United States Environmental Protection Agency

Washington, D.C. 20460

Office of Solid Waste and Emergency Response

May 6, 1993

Mr. William C. Rankin

Olin Chemicals

P.O. Box 248

Lower River Road

Charleston, Tennessee 37310

Dear Mr. Rankin,

Thank you for your letter dated January 7, 1993, concerning the recycling regulations under the Resource Conservation and Recovery Act (RCRA). Specifically, you requested that EPA headquarters clarify the term "when" as it appears in part of the regulations defining solid waste (40 CFR 261.2(c)(3)) (see footnote 1). It is EPA Headquarters position that the interpretation regarding 261.2(c) presented in the EPA letter you cited from Robert Dellinger to Ronald Jones (March 27, 1989) is correct; that is, the determination of whether or not a material being reclaimed is a solid waste is made at the point of generation. The following analysis is based on federal regulations, and is provided in order to help clarify this provision.

Under the existing RCRA recycling regulations, the status of a secondary material is based upon 1) the type of material, and 2) the recycling activity involved (January 4, 1985 Federal Register; 50 FR 619). The recycling activity is viewed prospectively; that is, the status of certain secondary materials is determined by knowing how the material is going to be recycled. The term "when" as it is used in 261.2(c) for recycling activities (e.g., "when reclaimed", "when burned", "when placed on the land") is not meant to refer only to the moment in time when that activity occurs, in order to determine the regulatory status of a material (with the exception of speculative accumulation, explained below). As an example, a generator that intends to have his or her characteristic sludges reclaimed at some point in the future, would not be deemed to be managing a solid or hazardous waste, according to Table 1 in 261.2. Of course, when secondary materials are excluded or exempt based on a claim of recycling, the material will no longer be excluded or exempt if it is accumulated speculatively prior to recycling; also, respondents in enforcement actions who make such a claim (e.g., generator, recycler) must be able to document a claim of legitimate recycling (see 261.2(f)).

In the January 4, 1985 final rule on recycling, EPA acknowledged the risks associated with accumulating hazardous secondary materials prior to reclamation (and chose a more stringent approach as a result; 50 FR 617); however, EPA also noted exceptions to this general rule (see footnote 2). In addition, when EPA promulgated the speculative accumulation provisions in the January 4, 1985 Federal Register, the purpose was to allow EPA to regulate certain secondary materials, intended for recycling, as solid wastes if the person claiming their waste was excluded did not recycle sufficient quantities of these materials within a calendar year. In the following preamble discussion, EPA explained that certain types of secondary materials, that are unregulated based on prospective recycling, can be brought back into Subtitle C regulation if these materials are overaccumulated prior to recycling:

The [speculative accumulation] provision thus applies to secondary materials not otherwise considered to be wastes when recycled -- namely, to materials that are to be used as ingredients or as commercial product substitutes, to materials that are recycled in a closed-loop production process, to unlisted sludges and byproducts that are to be reclaimed, and to black liquor and spent sulfuric acid being reclaimed. Thus, if one of these materials are overaccumulated, they would be considered to be hazardous wastes and would become subject to regulation ... (emphasis added (50 FR 635).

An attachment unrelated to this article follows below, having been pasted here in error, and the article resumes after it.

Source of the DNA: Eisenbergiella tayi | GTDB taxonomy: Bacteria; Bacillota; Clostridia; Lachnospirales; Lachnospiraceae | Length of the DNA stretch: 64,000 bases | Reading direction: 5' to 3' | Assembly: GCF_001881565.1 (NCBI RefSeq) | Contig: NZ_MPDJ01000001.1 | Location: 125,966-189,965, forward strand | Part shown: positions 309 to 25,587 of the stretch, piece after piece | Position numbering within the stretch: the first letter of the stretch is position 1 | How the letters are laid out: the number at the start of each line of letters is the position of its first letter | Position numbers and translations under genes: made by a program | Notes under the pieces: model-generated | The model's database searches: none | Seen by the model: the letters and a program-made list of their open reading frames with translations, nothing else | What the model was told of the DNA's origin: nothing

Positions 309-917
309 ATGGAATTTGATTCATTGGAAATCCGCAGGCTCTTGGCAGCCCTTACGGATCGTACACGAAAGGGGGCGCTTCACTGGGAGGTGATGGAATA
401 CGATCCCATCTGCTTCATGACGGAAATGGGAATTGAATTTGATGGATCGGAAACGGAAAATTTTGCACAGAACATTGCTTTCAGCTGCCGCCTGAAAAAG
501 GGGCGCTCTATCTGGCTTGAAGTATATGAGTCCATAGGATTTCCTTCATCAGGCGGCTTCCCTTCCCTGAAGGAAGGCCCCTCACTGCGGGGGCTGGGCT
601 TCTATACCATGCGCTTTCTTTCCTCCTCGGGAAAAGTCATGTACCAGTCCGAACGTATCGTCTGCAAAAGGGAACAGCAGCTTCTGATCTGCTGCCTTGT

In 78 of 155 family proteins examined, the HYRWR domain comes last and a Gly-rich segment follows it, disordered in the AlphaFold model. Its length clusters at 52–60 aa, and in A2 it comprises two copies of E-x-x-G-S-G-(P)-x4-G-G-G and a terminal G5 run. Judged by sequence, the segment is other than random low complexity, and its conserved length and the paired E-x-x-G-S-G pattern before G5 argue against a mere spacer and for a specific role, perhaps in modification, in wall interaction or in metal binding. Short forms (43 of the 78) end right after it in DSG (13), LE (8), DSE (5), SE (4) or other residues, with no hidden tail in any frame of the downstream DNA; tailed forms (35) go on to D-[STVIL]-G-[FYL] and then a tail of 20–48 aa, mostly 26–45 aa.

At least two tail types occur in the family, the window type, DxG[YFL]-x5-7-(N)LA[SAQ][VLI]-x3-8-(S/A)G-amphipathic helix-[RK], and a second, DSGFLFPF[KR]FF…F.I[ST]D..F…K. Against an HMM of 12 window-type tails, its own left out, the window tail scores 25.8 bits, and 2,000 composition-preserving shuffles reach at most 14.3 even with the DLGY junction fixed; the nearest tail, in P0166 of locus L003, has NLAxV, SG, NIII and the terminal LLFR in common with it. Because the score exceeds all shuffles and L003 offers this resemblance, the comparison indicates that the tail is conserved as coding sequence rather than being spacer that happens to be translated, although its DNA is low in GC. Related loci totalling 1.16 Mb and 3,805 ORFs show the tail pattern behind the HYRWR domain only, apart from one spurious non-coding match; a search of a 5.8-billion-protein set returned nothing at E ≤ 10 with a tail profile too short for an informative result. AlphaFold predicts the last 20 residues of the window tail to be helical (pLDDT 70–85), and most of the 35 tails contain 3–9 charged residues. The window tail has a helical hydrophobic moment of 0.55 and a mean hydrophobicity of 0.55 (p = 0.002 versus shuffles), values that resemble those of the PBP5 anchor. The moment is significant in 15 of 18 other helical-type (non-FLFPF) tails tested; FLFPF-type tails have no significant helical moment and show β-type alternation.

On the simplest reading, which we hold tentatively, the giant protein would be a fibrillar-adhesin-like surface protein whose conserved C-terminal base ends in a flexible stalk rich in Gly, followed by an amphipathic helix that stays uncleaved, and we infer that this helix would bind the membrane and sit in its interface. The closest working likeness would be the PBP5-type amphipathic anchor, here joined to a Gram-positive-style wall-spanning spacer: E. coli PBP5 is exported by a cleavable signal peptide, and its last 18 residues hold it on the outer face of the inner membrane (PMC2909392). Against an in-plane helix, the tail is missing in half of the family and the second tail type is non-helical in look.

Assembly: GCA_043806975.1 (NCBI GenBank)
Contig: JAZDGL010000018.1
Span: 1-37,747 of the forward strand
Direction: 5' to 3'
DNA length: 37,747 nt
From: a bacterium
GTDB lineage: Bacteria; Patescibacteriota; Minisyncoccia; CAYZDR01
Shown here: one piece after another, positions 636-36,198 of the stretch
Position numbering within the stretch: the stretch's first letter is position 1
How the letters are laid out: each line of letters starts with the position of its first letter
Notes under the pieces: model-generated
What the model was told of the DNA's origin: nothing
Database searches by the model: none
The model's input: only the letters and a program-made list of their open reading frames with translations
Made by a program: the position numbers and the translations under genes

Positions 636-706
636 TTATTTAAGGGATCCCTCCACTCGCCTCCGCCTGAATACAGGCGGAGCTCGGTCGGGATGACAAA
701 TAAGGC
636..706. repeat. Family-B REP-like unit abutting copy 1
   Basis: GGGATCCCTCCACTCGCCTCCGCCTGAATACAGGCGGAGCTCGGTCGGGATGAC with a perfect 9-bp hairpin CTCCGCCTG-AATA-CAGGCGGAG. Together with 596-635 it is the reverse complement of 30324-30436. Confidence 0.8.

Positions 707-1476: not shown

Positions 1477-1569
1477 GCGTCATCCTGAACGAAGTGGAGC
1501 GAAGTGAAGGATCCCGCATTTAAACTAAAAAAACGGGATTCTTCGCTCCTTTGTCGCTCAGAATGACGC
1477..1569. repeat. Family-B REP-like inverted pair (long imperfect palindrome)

Under the federal regulations, if characteristic sludges and by- products were regulated as solid wastes prior to reclamation (i.e., from point of generation to actual insertion into the reclamation process), then the speculative accumulation provision would be redundant and unnecessary for these specific materials.

I would like to reiterate that respondents in enforcement actions who claim that a secondary material is excluded from the definition of solid waste based on recycling must be able to document a claim of legitimate recycling (see 261.2(f). If the Agency believes that particular management practices involving excluded materials are contributing to the waste disposal problem, to the extent that the materials are clearly discarded (in other words, if the material is managed in such a way that it is essentially being disposed of), these materials would be considered to be solid waste.

Finally, please note that under Section 3006 of RCRA (42 U.S.C. Section 6926) individual states can be authorized to administer and enforce their own hazardous waste programs in lieu of the federal program. When states are not authorized to administer their own program, the appropriate EPA Region administers the program and is the appropriate contact for any case-specific determinations. Please also note that under Section 3009 of RCRA (42 U.S.C. Section 6926) states retain authority to promulgate regulatory requirements that are more stringent than federal regulatory requirements.

If you have any additional questions or concerns, please contact me, or Ross Elliott of my staff (202/260-8551). Thank you for your interest in hazardous waste recycling.


Sylvia K. Lowrance, Director

Office of Solid Waste

cc: EPA Regional Waste Management Division Directors, Regions


1 "Materials noted with a "*" in column 3 of Table 1 are solid wastes when reclaimed." (emphasis added) 2 "Although accumulating hazardous secondary materials are ordinarily regarded as solid and hazardous wastes, this is not invariably the case ... these materials would not be wastes if they can be recycled in certain designated ways, and if they are not accumulated speculatively before being recycled." (emphasis added) 50 FR 634.